How did Kratos get here?
The new God of War picks up many years after a trilogy that kicked off in 2005. Kratos has a new home. A wife and child. A fresh lease on life. The game of course creates a whole new set of problems, but he had a nice run for a while there.
While 2018's God of War doesn't tie directly back to the original trilogy, there are good reasons to play catch-up. If nothing else, the emotional weight of the story's central journey lands with a lot more impact when you're familiar with the events that led Kratos to this point.
Who has time to catch up, though? Nothing is more stressful than an entertainment backlog. For anyone who hasn't made their way through the original trilogy, again or for the first time, here's a refresher.
(Note: We're just recapping the original trilogy here. The two PlayStation Portable spinoffs and God of War: Ascension have little bearing on the events of the new game.)
Long ago, before the events of the original game, Kratos was a captain in the Spartan army who led his people to victory after victory... until he was one day felled by a barbarian king. Nearing death, Kratos called on Ares, the Greek god of war, to come to his aid.
Kratos pledged to live his life in service to Ares, in exchange for the power to defeat his enemies and a guarantee of safety for his troops. Ares agreed, and gave to Kratos the Blades of Chaos: Twin curved short swords attached to long chains that wrapped themselves around the Spartan captain's wrists — a sign of his bondage to Ares.
Renewed, the Spartan used his gift from a god to defeat the barbarian king, and then went on to fulfill his part of the bargain. That path led him one day to a village occupied by worshipers of Athena, the goddess of reason.
Unbeknownst to Kratos, Ares had brought the Spartan's wife and child to the village. Gripped by bloodlust, Kratos razed everything, killing his own family in the process. Ares had hoped for that turn of events, believing the act would free Kratos and make him the perfect warrior. But the plan backfired, and Kratos renounced Ares instead.
Nothing could change what he'd done, however. A surviving village oracle cursed Kratos, magically coating his skin in the ashes of his dead wife and child. That's what gives him his white appearance, as well as the nickname that followed him ever-after: Ghost of Sparta.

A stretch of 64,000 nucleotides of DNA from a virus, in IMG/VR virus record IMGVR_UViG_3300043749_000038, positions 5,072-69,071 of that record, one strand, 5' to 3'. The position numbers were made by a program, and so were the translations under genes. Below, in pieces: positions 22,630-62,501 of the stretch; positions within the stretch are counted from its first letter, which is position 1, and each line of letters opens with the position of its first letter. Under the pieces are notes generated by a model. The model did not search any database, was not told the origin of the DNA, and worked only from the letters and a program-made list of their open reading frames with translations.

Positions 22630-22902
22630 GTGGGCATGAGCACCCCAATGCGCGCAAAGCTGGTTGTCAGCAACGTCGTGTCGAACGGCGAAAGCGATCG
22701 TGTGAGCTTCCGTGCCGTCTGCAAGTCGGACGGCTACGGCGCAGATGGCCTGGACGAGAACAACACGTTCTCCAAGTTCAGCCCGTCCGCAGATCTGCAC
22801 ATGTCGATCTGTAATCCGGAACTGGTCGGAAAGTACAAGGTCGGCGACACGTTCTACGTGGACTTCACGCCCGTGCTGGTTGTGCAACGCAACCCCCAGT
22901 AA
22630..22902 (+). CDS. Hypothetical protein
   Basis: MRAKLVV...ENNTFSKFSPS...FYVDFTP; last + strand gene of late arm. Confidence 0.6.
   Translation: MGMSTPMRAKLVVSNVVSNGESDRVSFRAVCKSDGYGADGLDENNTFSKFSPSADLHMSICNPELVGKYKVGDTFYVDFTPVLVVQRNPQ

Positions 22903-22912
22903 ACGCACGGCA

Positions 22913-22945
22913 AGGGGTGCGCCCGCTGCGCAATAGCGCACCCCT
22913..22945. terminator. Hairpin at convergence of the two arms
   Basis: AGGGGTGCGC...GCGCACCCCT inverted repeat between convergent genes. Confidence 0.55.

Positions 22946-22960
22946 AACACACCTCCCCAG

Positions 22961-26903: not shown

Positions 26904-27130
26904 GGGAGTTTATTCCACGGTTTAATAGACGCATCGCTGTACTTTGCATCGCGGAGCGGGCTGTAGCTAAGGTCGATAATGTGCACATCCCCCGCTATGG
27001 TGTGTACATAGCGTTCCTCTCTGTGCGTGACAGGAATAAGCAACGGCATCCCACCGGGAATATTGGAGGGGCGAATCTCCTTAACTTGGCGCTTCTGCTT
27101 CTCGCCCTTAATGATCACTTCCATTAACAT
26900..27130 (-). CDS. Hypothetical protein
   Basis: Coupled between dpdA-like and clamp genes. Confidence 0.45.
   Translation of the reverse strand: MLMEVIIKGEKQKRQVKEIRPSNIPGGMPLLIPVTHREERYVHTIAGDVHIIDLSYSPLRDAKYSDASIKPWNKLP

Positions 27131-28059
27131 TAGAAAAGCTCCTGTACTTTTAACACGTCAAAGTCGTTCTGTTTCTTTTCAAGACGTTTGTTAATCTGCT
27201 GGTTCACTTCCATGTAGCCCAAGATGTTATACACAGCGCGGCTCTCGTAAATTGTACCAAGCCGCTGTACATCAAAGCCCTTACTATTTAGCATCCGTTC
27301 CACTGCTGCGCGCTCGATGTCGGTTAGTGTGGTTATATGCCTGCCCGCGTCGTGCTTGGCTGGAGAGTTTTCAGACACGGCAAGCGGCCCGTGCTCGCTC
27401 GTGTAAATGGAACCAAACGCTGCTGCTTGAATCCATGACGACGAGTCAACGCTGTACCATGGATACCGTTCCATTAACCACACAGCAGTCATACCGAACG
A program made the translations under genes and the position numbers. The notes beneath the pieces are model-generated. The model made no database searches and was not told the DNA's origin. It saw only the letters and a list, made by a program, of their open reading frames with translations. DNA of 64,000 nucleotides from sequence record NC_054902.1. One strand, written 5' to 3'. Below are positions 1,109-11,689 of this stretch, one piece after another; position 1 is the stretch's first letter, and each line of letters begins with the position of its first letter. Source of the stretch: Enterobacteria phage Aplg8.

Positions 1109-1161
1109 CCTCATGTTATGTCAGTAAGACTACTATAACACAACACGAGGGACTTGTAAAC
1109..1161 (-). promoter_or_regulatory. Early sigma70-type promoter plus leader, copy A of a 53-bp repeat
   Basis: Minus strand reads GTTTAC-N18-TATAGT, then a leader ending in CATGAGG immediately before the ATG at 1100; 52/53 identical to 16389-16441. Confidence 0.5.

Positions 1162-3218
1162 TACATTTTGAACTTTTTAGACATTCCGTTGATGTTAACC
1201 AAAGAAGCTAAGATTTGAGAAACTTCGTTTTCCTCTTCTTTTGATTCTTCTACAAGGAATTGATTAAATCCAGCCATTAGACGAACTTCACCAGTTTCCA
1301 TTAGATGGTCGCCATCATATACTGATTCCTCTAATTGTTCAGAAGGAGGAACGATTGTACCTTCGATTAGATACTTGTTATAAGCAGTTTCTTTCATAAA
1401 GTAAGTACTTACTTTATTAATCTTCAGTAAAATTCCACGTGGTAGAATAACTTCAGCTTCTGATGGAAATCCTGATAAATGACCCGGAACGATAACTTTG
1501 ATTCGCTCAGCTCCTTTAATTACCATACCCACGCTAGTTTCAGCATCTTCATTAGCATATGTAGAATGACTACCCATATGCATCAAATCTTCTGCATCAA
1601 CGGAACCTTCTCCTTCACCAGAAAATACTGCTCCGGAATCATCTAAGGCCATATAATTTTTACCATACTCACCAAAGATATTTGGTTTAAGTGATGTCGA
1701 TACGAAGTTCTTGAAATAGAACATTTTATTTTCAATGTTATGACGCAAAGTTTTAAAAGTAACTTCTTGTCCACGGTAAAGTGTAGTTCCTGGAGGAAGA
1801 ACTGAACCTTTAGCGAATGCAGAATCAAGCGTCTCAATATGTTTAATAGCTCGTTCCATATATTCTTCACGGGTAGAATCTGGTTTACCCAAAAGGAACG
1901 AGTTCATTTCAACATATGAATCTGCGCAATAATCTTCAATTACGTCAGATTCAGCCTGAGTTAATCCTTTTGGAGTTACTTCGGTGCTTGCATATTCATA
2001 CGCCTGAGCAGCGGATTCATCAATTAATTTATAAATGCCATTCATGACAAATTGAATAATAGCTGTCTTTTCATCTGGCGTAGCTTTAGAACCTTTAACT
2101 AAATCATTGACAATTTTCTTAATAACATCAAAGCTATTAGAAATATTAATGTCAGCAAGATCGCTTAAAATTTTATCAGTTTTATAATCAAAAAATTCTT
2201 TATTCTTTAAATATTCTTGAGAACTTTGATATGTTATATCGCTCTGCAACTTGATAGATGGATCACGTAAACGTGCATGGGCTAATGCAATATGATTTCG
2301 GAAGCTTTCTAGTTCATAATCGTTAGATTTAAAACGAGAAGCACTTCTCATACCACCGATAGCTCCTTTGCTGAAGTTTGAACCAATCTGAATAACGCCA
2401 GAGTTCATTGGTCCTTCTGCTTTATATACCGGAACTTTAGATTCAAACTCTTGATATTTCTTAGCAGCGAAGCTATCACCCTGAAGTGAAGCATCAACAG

In the decade that followed, Kratos committed himself to serving the rest of the gods in the hopes it would free him from the nightmarish memories of what he'd done. A chance eventually presents itself when none other than Athena makes him an offer: Kill Ares, and all will be forgiven.
Soon after, Kratos learns of Pandora's Box, a mystical artifact that possesses the power to kill a god. He tracks it down, but the victory is short-lived. Ares, who had been watching the whole time, ambushes and kills his former servant, taking the Box for himself.
Instead of his journey ending there, Kratos finds himself in the Underworld. There, he meets a grave digger he had also encountered earlier in his journey. With help from the mysterious man — who cryptically reveals that Athena isn't the only god looking out for the Spartan — Kratos escapes, returning to Athens and a waiting Ares.
In the game's final encounter, Kratos recovers Pandora's Box and uses its power — along with his newly obtained Blade of the Gods — to slay Ares. Athena fulfills only part of her promise in return: Kratos is forgiven, but the nightmares of what he's done, the same ones he's been fighting to escape, will never go away.
She does, however, have one other gift to bestow: Godhood. Kratos, having slain Ares, becomes the new god of war.
Kratos doesn't last long in his new gig. One day, while he's off fighting with his former Spartan brothers in the city of Rhodes — against the wishes of Athena and the rest of the gods — a giant eagle appears out of nowhere and saps away his powers, animating the Colossus of Rhodes in the process.
As the giant statue moves to attack, Zeus appears with a gift: the Blade of Olympus. In order to power the blades, however, Kratos must imbue them with the little that remains of his godly might. He does it and quickly bests the Colossus, only to discover that the whole thing was a trick.
The eagle that started the whole mess was Zeus all along. He stripped away Kratos's power to teach him a lesson. But he also has an offer for the Spartan: Stay loyal to the gods from here on out and all will be forgiven. Kratos refuses. Angered, Zeus kills the short-lived god of war with his own blade and wipes out the entire Spartan army.